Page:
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Journal of Environmental and Public Health
Volume 2013, Article ID 915490, 15 pages
Research Article

Cross-Temporal and Cross-National Poverty and Mortality Rates among Developed Countries

1Centre for Health Equity Studies (CHESS), Stockholm University/Karolinska Institutet, 106 91 Stockholm, Sweden
2The Social Insurance Institution of Finland (KELA), P.O. Box 450, 00101 Helsinki, Finland

Received 23 October 2012; Revised 16 April 2013; Accepted 22 April 2013

Academic Editor: Ivo Iavicoli

Copyright © 2013 Johan Fritzell et al. This is an open access article distributed under the Creative Commons Attribution License, which permits unrestricted use, distribution, and reproduction in any medium, provided the original work is properly cited.


A prime objective of welfare state activities is to take action to enhance population health and to decrease mortality risks. For several centuries, poverty has been seen as a key social risk factor in these respects. Consequently, the fight against poverty has historically been at the forefront of public health and social policy. The relationship between relative poverty rates and population health indicators is less self-evident, notwithstanding the obvious similarity to the debated topic of the relationship between population health and income inequality. In this study we undertake a comparative analysis of the relationship between relative poverty and mortality across 26 countries over time, with pooled cross-sectional time series analysis. We utilize data from the Luxembourg Income Study to construct age-specific poverty rates across countries and time covering the period from around 1980 to 2005, merged with data on age- and gender-specific mortality data from the Human Mortality Database. Our results suggest not only an impact of relative poverty but also clear differences by welfare regime that partly goes beyond the well-known differences in poverty rates between welfare regimes.

1. Introduction

Fighting poverty has always been at the centre of welfare state activities. There are several important reasons for such a focus, but a key issue is no doubt the relationship between poverty and ill-health and premature death, shown not least by several classical and historical investigations [1, 2].

The finding of the social gradient is also of interest when going from these historical studies to present discussions about poverty, inequality, and population health, as it indicates that not only the very poorest sections were hit but that relative poverty was also of importance. It is well known that countries with high absolute poverty rates today (e.g., World Bank indicators of 1 or 2 US dollars a day) also tend to be those with low life expectancy and high mortality risks. But what is the relationship between relative poverty rates and mortality risks among the richer countries of the world?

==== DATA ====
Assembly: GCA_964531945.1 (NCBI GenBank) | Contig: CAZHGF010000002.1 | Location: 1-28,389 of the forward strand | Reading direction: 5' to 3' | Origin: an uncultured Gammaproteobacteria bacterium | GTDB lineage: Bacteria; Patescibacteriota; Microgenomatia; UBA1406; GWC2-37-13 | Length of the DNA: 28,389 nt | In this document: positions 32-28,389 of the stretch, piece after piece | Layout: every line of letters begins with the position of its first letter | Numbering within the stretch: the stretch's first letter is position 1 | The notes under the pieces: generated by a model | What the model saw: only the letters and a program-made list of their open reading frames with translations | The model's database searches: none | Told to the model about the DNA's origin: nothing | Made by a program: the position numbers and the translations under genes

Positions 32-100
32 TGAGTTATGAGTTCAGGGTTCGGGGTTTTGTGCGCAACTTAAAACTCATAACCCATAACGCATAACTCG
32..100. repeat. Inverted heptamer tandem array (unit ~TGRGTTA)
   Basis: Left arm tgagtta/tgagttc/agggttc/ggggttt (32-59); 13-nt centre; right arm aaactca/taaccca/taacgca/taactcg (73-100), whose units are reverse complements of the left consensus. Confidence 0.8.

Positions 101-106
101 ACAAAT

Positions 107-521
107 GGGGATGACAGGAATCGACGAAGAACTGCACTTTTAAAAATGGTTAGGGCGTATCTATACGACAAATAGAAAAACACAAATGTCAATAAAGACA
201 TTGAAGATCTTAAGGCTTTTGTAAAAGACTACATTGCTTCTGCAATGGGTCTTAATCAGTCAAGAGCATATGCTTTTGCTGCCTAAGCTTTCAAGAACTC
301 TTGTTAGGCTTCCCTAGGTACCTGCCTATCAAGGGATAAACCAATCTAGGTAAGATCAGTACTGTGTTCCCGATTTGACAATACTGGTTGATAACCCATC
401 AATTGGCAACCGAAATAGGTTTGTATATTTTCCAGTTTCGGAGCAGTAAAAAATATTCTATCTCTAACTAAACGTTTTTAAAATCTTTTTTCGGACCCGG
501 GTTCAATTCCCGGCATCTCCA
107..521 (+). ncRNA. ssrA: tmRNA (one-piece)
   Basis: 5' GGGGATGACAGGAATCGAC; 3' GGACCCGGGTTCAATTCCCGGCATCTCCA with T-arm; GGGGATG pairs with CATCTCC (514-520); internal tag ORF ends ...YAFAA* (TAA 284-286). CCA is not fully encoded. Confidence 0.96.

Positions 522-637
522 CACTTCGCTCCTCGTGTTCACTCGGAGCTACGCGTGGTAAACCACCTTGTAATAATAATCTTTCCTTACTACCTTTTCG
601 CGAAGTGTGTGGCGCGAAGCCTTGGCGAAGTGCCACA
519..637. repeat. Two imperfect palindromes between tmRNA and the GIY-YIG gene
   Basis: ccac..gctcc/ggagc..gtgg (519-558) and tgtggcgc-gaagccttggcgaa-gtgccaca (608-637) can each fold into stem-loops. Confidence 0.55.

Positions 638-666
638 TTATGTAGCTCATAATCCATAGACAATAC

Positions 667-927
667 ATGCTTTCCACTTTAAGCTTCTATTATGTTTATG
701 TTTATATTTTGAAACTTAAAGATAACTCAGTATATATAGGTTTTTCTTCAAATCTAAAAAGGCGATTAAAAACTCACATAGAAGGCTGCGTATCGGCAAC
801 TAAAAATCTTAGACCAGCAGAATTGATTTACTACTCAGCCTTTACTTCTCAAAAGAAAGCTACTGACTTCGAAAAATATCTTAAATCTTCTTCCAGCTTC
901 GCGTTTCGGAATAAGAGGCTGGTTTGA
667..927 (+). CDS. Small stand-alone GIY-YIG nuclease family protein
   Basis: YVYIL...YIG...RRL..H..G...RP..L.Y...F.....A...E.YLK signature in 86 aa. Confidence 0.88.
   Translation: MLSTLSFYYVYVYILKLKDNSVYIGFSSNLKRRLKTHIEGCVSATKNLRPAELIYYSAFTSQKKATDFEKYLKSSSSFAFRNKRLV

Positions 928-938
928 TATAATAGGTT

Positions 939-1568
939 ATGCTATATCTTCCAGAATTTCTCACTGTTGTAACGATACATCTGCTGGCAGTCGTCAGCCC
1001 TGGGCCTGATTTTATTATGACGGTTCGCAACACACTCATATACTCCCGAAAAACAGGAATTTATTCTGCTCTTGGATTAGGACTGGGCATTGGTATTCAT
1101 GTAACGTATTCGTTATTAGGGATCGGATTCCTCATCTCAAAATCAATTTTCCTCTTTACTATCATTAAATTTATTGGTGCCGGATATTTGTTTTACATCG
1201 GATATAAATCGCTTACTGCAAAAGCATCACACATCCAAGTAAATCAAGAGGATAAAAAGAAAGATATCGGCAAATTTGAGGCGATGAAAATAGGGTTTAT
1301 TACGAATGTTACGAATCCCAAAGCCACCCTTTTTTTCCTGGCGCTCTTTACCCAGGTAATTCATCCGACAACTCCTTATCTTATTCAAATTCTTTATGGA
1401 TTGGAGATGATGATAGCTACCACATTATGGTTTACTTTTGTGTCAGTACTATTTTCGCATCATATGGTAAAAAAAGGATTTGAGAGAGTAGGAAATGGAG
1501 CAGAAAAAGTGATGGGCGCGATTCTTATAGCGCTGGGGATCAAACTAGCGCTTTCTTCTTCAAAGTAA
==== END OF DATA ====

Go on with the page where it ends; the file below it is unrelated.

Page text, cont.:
Assuming that the poorest people in rich countries do not live under absolute poverty, the relationship between variations in relative poverty rates and variations in mortality rates may seem less self-evident. However, this relationship has been at the centre of one of the most debated topics within the field of public health research and social epidemiology in recent decades, namely, the health impact of income inequality. It is actually one foundation of the so-called Wilkinson hypothesis, which basically states that it is not the level of affluence as such that matters among rich countries but rather how the pie of total economic resources is distributed [3]. This hypothesis is articulated in relation to the whole social structure, thus stating that it is income inequality as such, not only poverty, that kills. However, most evidence, on both the macrolevel of countries and the microlevel of individuals, suggests a curvilinear association between income and health, which implies that health gains can be made by transferring money from the richer to the poorer. If this is so, it means that not only income inequality but also—and even more evident—variations in poverty rates should be associated with population health. But can we evidence that cross-national variations in relative poverty rates are related to cross-national variations in survival possibilities in relatively rich countries?